The ice lakes of Arjeplog have seen it all. Jaguar and Land Rover have been coming here for the past 30 years: long enough to recall a time when their test site at the lake called Revi had no modern, multi-bay facility, but just the landowner’s garage. But there has always been all the space in the world to play in.
During that time, the Lapland ice has frozen, thawed and refrozen while an evolution of saloons and sports cars has been discharged from the distant gates of Gaydon and Solihull. But never before has it seen anything like the F-Pace.
The industry’s showroom is now more diverse than ever before, and the crossover has emerged as the latest tipple of discerning choice: sexier and faster than a 4x4; more practical, robust and usable than a saloon; and with an image that’s as imposing on the imagination as it is on the road. It has, in what seems like no time at all, become vital to any premium manufacturer’s profitability.
So it was always a case of when, not if, Jaguar would make the watershed decision to attract a broader customer base. Yet this has required some hand-wringing. There have been questions of ethos, of similarities to its partner’s range, and of a close rival. The latter arrived only recently; the exceptional Porsche Macan landing so forcefully that Jaguar briefly halted the F-Pace’s development to reassess where it was going.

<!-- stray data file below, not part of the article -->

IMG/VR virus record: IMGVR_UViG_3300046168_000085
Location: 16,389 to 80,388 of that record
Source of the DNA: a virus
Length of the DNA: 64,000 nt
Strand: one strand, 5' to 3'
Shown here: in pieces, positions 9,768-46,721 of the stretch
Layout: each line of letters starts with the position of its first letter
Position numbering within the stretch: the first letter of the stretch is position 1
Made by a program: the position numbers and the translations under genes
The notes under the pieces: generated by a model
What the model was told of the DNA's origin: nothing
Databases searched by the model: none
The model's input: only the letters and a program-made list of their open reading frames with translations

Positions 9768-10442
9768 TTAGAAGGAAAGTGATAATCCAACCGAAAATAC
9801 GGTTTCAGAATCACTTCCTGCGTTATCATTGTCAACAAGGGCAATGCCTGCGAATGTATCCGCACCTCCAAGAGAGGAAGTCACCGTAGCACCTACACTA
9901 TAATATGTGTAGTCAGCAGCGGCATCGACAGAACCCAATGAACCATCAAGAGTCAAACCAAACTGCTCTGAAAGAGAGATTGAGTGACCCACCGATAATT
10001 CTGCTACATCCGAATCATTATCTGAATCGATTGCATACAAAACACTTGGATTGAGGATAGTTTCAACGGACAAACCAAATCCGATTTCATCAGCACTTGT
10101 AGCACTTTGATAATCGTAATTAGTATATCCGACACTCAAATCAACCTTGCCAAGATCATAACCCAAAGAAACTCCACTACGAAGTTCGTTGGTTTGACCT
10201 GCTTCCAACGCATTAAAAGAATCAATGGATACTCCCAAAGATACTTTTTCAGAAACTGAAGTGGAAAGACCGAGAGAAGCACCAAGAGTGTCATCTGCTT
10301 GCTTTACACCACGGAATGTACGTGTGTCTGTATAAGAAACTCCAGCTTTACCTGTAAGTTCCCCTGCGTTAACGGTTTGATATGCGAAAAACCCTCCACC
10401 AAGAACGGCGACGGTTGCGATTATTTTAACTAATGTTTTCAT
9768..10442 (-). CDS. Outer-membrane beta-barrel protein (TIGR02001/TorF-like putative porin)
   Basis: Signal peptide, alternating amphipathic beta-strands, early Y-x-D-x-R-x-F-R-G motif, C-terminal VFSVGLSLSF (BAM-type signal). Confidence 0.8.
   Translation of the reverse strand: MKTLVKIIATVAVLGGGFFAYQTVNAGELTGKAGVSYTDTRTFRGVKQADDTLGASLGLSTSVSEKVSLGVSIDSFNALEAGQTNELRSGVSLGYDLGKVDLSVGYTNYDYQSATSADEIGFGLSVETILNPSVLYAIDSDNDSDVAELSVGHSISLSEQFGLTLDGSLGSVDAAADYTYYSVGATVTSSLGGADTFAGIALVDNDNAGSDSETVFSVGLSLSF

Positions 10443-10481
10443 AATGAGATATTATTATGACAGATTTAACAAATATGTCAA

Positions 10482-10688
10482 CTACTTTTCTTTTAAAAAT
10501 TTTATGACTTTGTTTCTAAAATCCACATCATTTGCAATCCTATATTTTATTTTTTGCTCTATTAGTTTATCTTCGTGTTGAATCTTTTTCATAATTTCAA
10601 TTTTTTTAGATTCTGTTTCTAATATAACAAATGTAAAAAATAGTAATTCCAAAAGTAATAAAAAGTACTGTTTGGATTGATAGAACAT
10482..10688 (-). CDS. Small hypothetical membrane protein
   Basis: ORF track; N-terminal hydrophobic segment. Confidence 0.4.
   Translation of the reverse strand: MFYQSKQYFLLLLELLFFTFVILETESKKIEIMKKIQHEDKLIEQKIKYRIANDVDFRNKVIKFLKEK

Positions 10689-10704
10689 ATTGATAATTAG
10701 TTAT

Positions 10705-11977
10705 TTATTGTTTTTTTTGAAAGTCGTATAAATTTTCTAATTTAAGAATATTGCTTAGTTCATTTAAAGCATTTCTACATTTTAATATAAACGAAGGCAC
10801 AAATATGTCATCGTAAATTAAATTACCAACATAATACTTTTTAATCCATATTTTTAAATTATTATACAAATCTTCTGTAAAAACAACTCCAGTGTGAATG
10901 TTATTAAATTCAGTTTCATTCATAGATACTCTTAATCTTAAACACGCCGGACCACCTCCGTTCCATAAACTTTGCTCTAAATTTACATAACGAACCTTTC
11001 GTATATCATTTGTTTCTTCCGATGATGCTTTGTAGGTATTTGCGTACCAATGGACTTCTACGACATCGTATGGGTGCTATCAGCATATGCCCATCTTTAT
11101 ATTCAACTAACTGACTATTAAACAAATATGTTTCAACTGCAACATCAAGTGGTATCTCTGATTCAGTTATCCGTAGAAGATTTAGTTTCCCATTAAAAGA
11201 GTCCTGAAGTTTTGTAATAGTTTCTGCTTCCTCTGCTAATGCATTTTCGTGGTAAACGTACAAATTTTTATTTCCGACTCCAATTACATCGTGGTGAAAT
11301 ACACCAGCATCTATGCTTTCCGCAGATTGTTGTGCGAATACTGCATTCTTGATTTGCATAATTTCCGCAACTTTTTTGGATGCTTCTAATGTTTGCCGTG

Jaguar freely admits that having the Macan as a benchmark helped it make a better car. But having the right barometer, the right idea and the right segment does not necessarily make the right car. As the firm’s first attempt at a vehicle outside its low-slung comfort zone, it is critical that the product still looks, feels, drives and rewards as we’d imagine such a Jaguar might.